Billionaire Steven Cohen’s High Upside Potential Picks
Meena is a member of The Motley Fool Blog Network -- entries represent the personal opinion of the blogger and are not formally edited.
While the price-to-earnings multiple is a common value metric, one drawback is that it does not account for future earnings growth. A way to correct for this is to use the PEG ratio, which includes both the P/E multiple and analysts' expectations for future growth, although in turn, there is often a good deal of inaccuracy in analyst forecasts.
We track quarterly 13F filings from hundreds of hedge funds such as billionaire Steven Cohen’s SAC Capital Advisors as part of our work researching investment strategies (we have found, for example, that the most popular small cap stocks among hedge funds outperform the S&P 500 by an average of 18 percentage points per year) and also like to screen filings from top managers according to a number of criteria. Read on for our quick take on SAC’s five largest holdings from the end of March with five-year PEG ratios less than 1 (or see the full list of Cohen's stock picks).
The fund more than doubled the size of its position in SM Energy (NYSE: SM), a $4.1 billion market cap oil and gas exploration and production company focused on U.S. shale plays, to a total of 3.1 million shares. While revenue grew 30% in the first quarter of 2013 versus a year earlier, SM’s quarterly report showed a significant decline in net income over the same period. Still, Wall Street analysts expect earnings per share to grow in 2014, placing the current valuation at 16 times forward earnings estimates.
Cohen and his team included Michael Kors (NYSE: KORS) among their ten largest holdings by market value for the first quarter of 2013. The company’s fiscal year ended in March, with revenue up 57% in Q4 versus a year earlier and net income more than doubling. The sell-side is expecting high enough earnings growth over the next several years that despite a trailing P/E of 30, Kors carries a five-year PEG ratio of 0.80. Billionaire Andreas Halvorsen’s Viking Global moved heavily into Michael Kors between January and March, closing the quarter with over 12 million shares (check out more stocks Viking Global was buying).
SAC disclosed ownership of 4.3 million shares of GNC Holdings (NYSE: GNC) as of the beginning of April. At a market capitalization of $4.5 billion, the drug store carries trailing and forward P/E multiples of 19 and 14, respectively; analysts expect further improvements on the bottom line, resulting in a PEG ratio below 1. While recent results have been decent, a number of market players are bearish on GNC: the most recent data shows that 12% of the float is held short. Still, we think GNC could qualify for “growth at a reasonable price” status.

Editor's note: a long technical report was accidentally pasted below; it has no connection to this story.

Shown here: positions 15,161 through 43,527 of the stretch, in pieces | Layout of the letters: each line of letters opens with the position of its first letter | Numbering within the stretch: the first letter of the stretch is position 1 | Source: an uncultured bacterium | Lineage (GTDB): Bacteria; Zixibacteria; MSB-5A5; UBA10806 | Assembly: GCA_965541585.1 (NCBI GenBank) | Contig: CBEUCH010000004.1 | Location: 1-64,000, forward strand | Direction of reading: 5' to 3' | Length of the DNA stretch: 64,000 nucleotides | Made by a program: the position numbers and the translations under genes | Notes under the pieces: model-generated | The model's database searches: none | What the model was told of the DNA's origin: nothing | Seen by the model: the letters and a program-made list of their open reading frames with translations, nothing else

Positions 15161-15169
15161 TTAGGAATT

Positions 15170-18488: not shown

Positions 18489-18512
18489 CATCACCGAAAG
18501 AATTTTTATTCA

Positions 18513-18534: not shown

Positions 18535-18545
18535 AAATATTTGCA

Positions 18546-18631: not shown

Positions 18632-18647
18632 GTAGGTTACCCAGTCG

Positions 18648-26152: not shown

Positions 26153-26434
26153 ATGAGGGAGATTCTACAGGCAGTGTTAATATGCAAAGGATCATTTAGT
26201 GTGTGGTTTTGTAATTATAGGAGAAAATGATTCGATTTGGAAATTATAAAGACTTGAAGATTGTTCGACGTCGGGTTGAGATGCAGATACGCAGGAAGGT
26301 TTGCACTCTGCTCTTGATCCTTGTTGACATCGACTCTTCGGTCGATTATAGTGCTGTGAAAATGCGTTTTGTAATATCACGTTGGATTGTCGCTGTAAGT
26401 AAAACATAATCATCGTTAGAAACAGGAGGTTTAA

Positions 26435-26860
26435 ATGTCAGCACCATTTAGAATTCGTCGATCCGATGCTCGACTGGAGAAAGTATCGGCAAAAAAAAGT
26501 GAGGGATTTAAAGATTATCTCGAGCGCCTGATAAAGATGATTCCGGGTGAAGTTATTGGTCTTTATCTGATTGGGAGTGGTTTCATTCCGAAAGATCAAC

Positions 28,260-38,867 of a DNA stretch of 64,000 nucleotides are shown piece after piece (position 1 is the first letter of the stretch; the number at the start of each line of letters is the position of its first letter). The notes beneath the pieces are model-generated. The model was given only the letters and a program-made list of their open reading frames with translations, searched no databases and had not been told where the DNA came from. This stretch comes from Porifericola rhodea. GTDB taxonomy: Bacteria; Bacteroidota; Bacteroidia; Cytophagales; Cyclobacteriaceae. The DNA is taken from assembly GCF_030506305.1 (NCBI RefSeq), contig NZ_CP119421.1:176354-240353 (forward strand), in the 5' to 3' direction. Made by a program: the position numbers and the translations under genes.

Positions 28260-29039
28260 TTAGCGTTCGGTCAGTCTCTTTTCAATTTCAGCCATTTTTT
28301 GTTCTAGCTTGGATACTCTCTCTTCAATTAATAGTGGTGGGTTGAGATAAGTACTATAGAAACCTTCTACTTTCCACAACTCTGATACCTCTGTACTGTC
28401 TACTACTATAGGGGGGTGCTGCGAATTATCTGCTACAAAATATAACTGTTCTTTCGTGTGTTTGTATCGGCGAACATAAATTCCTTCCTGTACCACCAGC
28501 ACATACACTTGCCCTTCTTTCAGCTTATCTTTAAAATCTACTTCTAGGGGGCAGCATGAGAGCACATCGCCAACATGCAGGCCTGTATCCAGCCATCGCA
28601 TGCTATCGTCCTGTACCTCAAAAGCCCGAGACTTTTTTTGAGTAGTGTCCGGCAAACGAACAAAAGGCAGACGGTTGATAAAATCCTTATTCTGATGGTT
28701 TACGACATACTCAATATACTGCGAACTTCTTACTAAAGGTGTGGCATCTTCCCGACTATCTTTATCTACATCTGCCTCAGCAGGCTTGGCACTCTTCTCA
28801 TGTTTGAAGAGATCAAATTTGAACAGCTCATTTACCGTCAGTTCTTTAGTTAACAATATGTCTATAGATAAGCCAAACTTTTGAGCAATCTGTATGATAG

Auto parts manufacturer Visteon (NYSE: VC) was another of Cohen’s high upside potential picks; his fund owned 2.6 million shares per the filing, and the five-year PEG ratio is 0.80. This is due to general analyst optimism on many auto related industries -- with a trailing P/E of 17, Visteon is certainly not a pure value play. While many bulls argue that U.S. consumers will soon have to buy new cars to replace an aging auto fleet, we just don’t think recent numbers have been good enough to recommend buying the stock.
According to the 13F, SAC increased its stake in offshore driller Transocean (NYSE: RIG) to a total of 2.6 million shares by the end of Q1. Transocean is another stock where analysts are more optimistic than the market: consensus forecasts for next year imply a forward P/E of only 8, though those forecasts do include an expectation of considerably higher earnings per share in 2014 than for this year. Billionaire activist Carl Icahn has been pushing the company to return more cash to shareholders, which could result in a competitive yield for the stock.
Transocean does seem like an interesting company, but given how strongly its value status depends on improving its earnings while recent performance has not been so strong, we think it is best placed on a watchlist for now. GNC and Michael Kors look interesting, in that while both have moderate to high earnings multiples, they at least currently join those characteristics with enough earnings growth that the stocks could be quite appealing if those trends continue. We think either of the two could be worthy of further research.
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This article is written by Matt Doiron and edited by Meena Krishnamsetty. They don't own shares in any of the stocks mentioned in this article. The Motley Fool owns shares of Transocean. Try any of our Foolish newsletter services free for 30 days. We Fools may not all hold the same opinions, but we all believe that considering a diverse range of insights makes us better investors. The Motley Fool has a disclosure policy. Is this post wrong? Click here. Think you can do better? Join us and write your own!